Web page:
Why do people, rulers, and nations go to war? Is it to defend their homes and borders against the incursion of ideas, faith, or undesirables? To expand their domains for riches or land? Or simply because they feel the need to spill blood? More often than not, it’s less black and white than some might think. And who gets caught in the middle? Soldiers. Whether they are idealists volunteering for a cause or mercenaries simply seeking a paycheck, it’s the warriors usually doing the fighting for whatever cause their leaders choose to follow.
Matt James has experienced life as a soldier, which puts him in a unique position to understand not only what it’s like to put your life on the line but the many rationales used to put armies in harm’s way. In Soldiers of Fortune he eloquently expresses methods of introducing real world motivations into roleplaying games to not only make soldiers, mercenaries, and war more believable, but perhaps inspire new storylines that might not have been previously considered.
He starts out with motivations and plot hooks to get mercenaries (your typical band of heroes) involved in a potential conflict and he doesn’t mess around… Magic portals spewing evil creatures out of ancient mindflayer prisons? Missing or kidnapped leaders or heads of state? Unstable currency and theft by neighboring nations? These are but a few potential hooks to sink into the PCs in your campaign. And what happens when the party is misled and unwittingly does something evil? Will ethics and morality win out over greed and bloodlust?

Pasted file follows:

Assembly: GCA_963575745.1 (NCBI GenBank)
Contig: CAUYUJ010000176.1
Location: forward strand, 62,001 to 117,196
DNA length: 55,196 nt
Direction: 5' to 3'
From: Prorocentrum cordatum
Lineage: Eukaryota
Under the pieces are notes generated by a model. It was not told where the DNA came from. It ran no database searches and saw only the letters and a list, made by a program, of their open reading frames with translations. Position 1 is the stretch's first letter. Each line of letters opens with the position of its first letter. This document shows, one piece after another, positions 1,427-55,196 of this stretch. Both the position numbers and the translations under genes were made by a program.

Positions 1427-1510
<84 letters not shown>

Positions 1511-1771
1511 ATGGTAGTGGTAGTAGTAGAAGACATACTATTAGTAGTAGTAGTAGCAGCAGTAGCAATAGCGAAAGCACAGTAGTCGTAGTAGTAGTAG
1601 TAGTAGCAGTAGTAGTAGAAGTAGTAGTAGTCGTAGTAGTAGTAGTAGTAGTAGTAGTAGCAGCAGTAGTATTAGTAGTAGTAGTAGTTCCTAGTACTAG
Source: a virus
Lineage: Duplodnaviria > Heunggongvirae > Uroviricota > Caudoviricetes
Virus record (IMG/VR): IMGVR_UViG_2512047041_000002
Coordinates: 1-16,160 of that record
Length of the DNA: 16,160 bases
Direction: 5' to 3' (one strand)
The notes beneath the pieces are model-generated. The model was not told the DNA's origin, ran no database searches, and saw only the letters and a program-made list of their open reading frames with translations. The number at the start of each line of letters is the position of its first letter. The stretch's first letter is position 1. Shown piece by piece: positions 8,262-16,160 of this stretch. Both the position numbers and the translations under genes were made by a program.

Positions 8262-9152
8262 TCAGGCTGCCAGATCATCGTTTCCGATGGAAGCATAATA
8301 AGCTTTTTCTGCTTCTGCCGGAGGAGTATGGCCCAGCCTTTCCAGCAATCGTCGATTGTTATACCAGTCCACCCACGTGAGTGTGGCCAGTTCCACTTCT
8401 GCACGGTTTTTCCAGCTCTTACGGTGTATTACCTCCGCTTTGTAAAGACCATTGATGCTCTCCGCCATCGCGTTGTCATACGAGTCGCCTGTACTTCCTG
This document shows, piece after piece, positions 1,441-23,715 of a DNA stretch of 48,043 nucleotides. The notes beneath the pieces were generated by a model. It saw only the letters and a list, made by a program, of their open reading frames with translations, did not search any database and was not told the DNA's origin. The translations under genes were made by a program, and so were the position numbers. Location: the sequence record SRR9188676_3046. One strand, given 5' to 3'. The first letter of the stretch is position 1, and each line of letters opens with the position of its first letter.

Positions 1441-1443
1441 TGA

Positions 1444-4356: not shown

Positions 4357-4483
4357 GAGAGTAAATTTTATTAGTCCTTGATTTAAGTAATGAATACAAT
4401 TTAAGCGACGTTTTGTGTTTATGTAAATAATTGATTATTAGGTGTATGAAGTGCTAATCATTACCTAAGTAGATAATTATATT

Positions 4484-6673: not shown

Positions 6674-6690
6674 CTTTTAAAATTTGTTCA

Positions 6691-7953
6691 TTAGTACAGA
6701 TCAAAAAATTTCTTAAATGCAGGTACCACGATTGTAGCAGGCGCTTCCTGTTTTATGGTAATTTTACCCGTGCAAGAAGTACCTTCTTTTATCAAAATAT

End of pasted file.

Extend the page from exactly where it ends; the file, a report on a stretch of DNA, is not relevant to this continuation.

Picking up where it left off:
Once you have an idea of how to get your party engaged, Matt describes the challenges of being a warrior-for-hire and potentially becoming a pawn to selfish forces all too willingly to sacrifice you in whatever game they are playing. Honor and glory are just the beginning. Discovering what more you’re fighting for is essential – whether it really is just for the money or in the name of some higher ideal.
Anyone who has thought about incorporating larger-scale battles into their own campaigns knows it’s not easy to do...
For the rest of this review, check out http://www.gameknightreviews.com/2011/03/book-review-soldiers-of-fortune-by-matt-james-and-open-design/